In its response to the Treasury consultation on the proposed 3% levy for subsequent property purchases, the Residential Landlords Association (RLA) accused the government of showing favour to larger investors, many of whom are likely to be from overseas.
The trade body has called for all new-build properties contributing to a net increase in the UK’s housing stock to be exempt from the Stamp Duty hike. It cited research of 1,100 landlords that found 30% would be more likely to buy new properties if this were the case.
Responses to the consultation are due by 1 February. However, the government is expecting to implement its proposals on 1 April, just weeks after the final policy design is announced during the Budget on 16 March.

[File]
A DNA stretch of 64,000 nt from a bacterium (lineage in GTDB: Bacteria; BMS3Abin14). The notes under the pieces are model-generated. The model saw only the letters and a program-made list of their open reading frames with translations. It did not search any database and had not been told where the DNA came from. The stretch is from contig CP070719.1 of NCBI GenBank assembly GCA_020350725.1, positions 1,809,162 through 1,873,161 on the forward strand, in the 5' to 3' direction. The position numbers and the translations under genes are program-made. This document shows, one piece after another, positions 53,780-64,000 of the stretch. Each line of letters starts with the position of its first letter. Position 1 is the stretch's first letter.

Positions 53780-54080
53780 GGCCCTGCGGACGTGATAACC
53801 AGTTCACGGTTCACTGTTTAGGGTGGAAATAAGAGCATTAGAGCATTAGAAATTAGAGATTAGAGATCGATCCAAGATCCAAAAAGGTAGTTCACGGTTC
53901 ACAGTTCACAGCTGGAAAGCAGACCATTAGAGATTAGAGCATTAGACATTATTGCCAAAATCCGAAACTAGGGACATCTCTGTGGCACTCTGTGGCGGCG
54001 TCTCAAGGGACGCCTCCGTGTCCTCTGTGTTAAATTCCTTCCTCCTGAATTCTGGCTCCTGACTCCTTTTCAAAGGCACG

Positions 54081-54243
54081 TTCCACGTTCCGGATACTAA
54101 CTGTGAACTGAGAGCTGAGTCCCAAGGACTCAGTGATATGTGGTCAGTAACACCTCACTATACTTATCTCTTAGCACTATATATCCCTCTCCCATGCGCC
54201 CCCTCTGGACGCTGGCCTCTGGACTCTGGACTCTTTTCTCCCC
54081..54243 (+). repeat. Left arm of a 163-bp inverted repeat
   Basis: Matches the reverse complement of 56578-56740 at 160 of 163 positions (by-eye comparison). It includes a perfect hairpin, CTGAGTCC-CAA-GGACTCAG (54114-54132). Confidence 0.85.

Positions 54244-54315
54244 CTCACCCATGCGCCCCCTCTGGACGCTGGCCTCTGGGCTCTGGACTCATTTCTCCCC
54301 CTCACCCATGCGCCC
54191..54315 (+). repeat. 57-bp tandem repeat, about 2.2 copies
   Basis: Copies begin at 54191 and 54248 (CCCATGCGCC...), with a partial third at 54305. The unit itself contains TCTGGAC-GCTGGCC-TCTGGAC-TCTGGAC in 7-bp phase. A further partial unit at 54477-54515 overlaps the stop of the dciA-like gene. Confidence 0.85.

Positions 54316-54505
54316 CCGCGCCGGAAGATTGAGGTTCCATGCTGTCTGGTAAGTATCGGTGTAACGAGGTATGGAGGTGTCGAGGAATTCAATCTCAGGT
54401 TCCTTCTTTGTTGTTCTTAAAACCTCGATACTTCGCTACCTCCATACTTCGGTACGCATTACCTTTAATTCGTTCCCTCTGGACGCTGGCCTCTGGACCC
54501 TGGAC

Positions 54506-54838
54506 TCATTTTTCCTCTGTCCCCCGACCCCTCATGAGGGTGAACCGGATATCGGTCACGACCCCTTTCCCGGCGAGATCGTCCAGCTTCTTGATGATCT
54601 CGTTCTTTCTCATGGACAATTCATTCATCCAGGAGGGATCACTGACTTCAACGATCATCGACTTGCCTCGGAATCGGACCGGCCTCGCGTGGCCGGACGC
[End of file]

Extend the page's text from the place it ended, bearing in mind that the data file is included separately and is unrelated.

As a result, the RLA is urging the government to give more time to consider the implications of the policy, highlighting the potential ramifications on housing supply and rent levels.
RLA chairman Alan Ward described Chancellor George Osborne’s decision to limit opportunities for individual UK landlords as ‘astonishing’.
“This additional assault on private landlords coming on top of changes to the taxation of rental income will only lead to reduced supply and higher rents,” he said.
“The Chancellor’s planned changes to Stamp Duty came as a bolt out of the blue. Regardless of the government’s plans for home ownership, demand for rented housing is only set to increase.”
He added: “The government needs to understand that not everyone will be able to afford to buy a house or indeed want to, even if more houses are built. Its whole policy towards the private rented sector needs to change. If it does not, it will only make the housing crisis worse.”
The RLA is also taking advice over whether the government’s decision to limit mortgage interest relief to the basic rate for landlords is a breach of the Human Rights Act and European Union Law on free movement of capital.